Home Decor + Home Lighting Blog Lighting Fixtures Planning Guide & Tips

Home Decor + Home Lighting Blog  Lighting Fixtures Planning Guide & Tips

Lighting Fixtures Planning Guide & Tips

Calculating the Light Needed for each room

There is a simple formula for calculating the proper amount of light in each room in the home:

Multiply the length by the width of the room in feet. Multiply that number by 1.5. This number is the amount of wattage needed to light the room for general illumination.

For task lighting where stronger light is desired, such as kitchen island lighting. multiply the square footage of the area (length times width) by 2.5 for the proper wattage for task lighting.

Lighting a Foyer

To determine the optimal width for the ceiling fixture or chandelier: Add together the rooms length and width dimensions in feet. The resulting number is the proper number of inches the fixtures should be in diameter, for round fixtures or chandeliers, or width, for square or rectangular fixtures.

To determine the proper height for the fixture: The bottom of the fixture should be no less than 7 feet from the ground. For a tall ceiling, use a 2 or 3-tier chandelier to fill the vertical space.

For foyers where the front door has a window above it, center the chandelier or ceiling light so it is seen from outside.

For a large entry or foyer, include wall sconces. Optimal installation is five feet from the floor and six to eight feet apart.

Lighting a Hallway

For optimal hallway lighting, fixtures should be placed every eight to ten feet. Depending on the ceiling height, a variety of fixtures can be used: flush mount ceiling lights, semi-flush mount fixtures or chandeliers  can be used in a hall depending on the ceiling height. As with a foyer, the bottom of the light should be at least seven feet above the floor.

In a long hallway, or a hall with very high ceilings, install wall sconces for additional light. Hang wall sconces at five feet above the floor. If needed, place wall lights every six to eight feet along the wall.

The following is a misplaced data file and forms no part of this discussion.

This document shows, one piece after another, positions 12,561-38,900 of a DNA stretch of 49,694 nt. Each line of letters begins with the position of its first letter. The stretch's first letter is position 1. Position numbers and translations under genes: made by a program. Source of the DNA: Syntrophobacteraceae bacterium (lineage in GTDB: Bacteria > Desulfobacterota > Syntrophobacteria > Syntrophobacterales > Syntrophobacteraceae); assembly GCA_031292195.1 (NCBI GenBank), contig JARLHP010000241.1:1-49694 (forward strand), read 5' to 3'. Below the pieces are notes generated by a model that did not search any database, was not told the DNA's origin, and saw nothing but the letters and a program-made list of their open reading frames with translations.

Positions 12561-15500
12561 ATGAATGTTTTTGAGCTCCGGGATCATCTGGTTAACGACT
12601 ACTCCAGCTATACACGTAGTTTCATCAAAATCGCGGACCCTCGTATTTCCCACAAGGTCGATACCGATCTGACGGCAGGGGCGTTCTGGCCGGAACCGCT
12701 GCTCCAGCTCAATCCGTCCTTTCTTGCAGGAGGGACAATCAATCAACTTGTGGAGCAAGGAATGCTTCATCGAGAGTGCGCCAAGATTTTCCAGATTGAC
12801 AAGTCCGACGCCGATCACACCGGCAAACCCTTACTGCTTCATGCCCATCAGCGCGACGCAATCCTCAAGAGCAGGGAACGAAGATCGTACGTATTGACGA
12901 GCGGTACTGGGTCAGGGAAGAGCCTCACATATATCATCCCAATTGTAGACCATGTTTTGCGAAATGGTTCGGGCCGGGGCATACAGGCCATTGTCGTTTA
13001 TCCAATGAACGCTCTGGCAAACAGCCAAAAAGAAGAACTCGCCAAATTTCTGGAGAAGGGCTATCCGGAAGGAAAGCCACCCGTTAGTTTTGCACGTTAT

Lighting a Living Room

The main light in the living room can be a ceiling light. Ceiling lights include chandeliers, pendant lights, flush mount and semi-flush ceiling fixtures. To be able to walk underneath the fixture, the bottom should be a minimum of seven feet off of the floor.

For additional lighting and more ambiance, use a combination of wall sconces, table lamps, and floor lamps, including torchiere lamps. Wall sconces can flank a fireplace.

Lighting a Dining Room

To measure for the right dining room chandelier, subtract 12 inches from the width or diameter of the dining room table. This is the maximum width the chandelier should be.

For an eight foot ceiling, the bottom of the chandelier should be not be less than 30 inches above the tabletop. For higher ceilings, each additional foot equals raising the chandelier by three inches.

To balance the overhead lighting and create more ambiance, table lamps or buffet lamps can be used on a sideboard. Wall lights, hung five feet above the floor can also be hung above a buffet, flanking a fireplace or between windows.

Lighting a Kitchen

Use an overhead light such as a semi-flush mount ceiling light, chandelier, or pendant light fixture as the central light in your kitchen. If not placed over an island, the bottom of the light needs to be a minimum of seven feet above the floor for easy passage.

To light work areas such as counters and islands, pendant lights and recessed lights can be used as task lighting. Multiple lights, with two and three shades or a row of individual pendant lights will provide sufficient task lighting and add to the overall design. For countertop and island lighting, the fixture bottom should be a minimum of thirty inches above the work surface.